First, let’s dispatch with the weather. Once again, both New England and Philadelphia have similar forecast profiles. But this week that means weather is probably a non-factor. Temperatures should be in the low 40s or high 30s. Plenty of time for new developments. For now, it’s a breeze at best rather than strong winds, with moderate temperatures for mid-January. Any Over/Under line moves won’t be connected to weather.
Sunday at 3:05 p.m. ET: Jacksonville Jaguars at New England Patriots
Opening Line: New England -9, total of 45.5
Current Line: New England -9, total of 46.5
Very interesting situation here because sharps typically respect underdogs with great defenses, AND also love using favorites of -8.5 in six-point teasers where they can move the line down to -2.5. It naturally follows that there’s a ton of motivation for professional bettors to POUND the Jaguars at plus 9 in hopes of bringing the number down to plus 8.5…which would then allow them to include New England in teasers. It also naturally follows that sports books want to avoid dropping the game into the teaser window.
If the public keeps heartily endorsing Tom Brady and the Pats (a strategy that has been a virtual printing press for years), then we’ll stay on the nine (or possibly go up). But, if the public decides this line is too high…sports book directors will have some decisions to make.
Best guess for now is that the public focuses on “Brady vs. Bortles” and is comfortable on New England at anything below -10, while sharps will focus on Jacksonville’s stellar defense and hope that plus 10 comes into play. If a teaser door happens to open briefly, sharps will gladly sprint through.
Sunday at 6:40 p.m.: Minnesota Vikings at Philadelphia Eagles
Opening Line: Minnesota -3.5 (even), total of 40
Current Line: Minnesota -3.5 (even), total of 38
As we mentioned yesterday, some stores are showing Minnesota at -3, but are charging -120 on vigorish rather than the standard -110…while others have the hook at even money. The power of three is such that models can easily show the dog being a smart bet at plus 3.5, but the favorite being a smart bet at -3. The margins are that tight. And threes are that common a victory margin for games with low point spreads (though the power might lessen at the new PAT distances outdoors in January).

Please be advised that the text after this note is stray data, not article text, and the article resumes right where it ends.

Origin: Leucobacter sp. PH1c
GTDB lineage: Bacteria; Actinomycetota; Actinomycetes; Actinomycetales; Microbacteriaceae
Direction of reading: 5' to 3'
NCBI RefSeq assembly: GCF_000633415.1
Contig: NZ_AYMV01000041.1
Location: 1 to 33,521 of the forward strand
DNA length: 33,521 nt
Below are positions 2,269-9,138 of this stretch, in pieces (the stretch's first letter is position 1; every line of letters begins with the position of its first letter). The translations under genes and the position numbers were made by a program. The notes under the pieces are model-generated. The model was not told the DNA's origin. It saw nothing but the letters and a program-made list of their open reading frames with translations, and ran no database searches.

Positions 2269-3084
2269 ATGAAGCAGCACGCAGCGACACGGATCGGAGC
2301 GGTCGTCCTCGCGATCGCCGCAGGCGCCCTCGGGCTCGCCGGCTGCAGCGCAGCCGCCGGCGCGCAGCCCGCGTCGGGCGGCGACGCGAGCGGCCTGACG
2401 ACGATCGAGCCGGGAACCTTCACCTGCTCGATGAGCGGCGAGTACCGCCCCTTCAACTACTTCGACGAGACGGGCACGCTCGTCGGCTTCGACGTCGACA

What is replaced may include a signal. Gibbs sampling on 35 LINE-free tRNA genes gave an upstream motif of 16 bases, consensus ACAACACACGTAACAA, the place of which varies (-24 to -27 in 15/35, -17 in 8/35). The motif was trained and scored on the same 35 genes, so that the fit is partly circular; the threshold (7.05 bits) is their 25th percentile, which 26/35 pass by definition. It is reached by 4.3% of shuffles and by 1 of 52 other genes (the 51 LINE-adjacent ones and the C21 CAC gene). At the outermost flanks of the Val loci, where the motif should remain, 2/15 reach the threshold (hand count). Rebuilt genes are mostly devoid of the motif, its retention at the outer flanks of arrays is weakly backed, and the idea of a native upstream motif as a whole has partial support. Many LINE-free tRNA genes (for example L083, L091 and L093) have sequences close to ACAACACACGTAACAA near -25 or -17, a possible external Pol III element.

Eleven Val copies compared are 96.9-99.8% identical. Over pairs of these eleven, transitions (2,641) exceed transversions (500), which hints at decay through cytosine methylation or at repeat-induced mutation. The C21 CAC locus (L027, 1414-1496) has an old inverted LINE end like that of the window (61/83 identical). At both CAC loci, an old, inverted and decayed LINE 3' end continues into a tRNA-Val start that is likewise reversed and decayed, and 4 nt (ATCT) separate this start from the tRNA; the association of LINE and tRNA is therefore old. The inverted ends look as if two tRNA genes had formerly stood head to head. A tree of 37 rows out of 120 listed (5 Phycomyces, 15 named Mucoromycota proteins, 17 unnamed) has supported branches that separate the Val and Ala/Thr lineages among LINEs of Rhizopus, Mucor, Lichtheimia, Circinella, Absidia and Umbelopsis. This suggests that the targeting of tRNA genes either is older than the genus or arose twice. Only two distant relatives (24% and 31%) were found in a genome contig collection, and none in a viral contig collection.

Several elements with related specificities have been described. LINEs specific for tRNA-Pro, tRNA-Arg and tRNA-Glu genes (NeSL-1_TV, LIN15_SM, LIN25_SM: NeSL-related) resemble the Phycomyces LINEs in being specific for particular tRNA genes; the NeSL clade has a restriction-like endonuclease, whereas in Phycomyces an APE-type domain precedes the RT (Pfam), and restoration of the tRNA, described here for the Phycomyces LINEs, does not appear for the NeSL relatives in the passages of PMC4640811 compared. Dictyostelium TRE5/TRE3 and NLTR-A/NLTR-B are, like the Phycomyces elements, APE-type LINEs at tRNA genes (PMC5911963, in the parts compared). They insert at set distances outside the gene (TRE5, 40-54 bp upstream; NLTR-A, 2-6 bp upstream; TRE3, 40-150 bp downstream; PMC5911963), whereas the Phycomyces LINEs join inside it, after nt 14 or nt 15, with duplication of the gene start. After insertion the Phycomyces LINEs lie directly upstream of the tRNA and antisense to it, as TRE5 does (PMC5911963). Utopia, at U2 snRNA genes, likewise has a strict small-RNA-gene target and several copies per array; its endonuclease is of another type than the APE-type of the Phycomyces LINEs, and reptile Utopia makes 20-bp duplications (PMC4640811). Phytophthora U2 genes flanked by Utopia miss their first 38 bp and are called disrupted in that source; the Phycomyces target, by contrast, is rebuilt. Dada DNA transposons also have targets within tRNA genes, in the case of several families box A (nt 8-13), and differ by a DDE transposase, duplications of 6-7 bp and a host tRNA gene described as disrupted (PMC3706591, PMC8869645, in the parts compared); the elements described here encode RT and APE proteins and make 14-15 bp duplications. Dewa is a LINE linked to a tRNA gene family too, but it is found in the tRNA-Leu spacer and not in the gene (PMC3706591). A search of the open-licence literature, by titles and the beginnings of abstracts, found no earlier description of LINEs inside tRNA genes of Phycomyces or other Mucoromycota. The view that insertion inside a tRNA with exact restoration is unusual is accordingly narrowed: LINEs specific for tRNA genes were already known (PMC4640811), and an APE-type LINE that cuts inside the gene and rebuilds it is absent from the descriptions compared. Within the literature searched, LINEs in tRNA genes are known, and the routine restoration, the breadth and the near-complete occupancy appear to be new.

The total has dropped two points because of the caliber of defenses on the field. Not weather related. Philadelphia’s defensive swoon against the NY Giants seems to be long forgotten. Last week, the Eagles held Matt Ryan and the Falcons to 31% on third downs while allowing no long TD drives. The Vikings held Drew Brees and the Saints to 22% on third downs while allowing only one long TD drive (the other two TDs came after an interception and a blocked punt). Quant models must have been getting gradings in the mid-to-high 30s.
Now to our estimate of “market” Power Ratings. Using three points for home field advantage, we’ve built a scale that represents how these teams stack up against each other. You’ll see they’re also in line with early estimates for Super Bowl lines (remember to give the Vikings home field if they advance).
89: New England
Philadelphia is up a smidge from the Atlanta game. We mentioned in the stat recap that a case could be made for lifting the Eagles higher than this. Their point of attack edge vs. the Falcons was larger than somebody like Buffalo or Tennessee would likely have achieved as hosts. Remember that the Eagles had scoring drives of 86 (TD), 74 (FG), and 80 (FG) while Atlanta’s only TD was a gift on an 18-yard drive.
When thinking about early Super Bowl lines, remember that Jacksonville would likely jump up from 83 were they to beat the Pats in Foxboro, while the Eagles would do the same with a win over Minnesota…possibly up to 82ish given back-to-back wins over the Falcons and Vikings.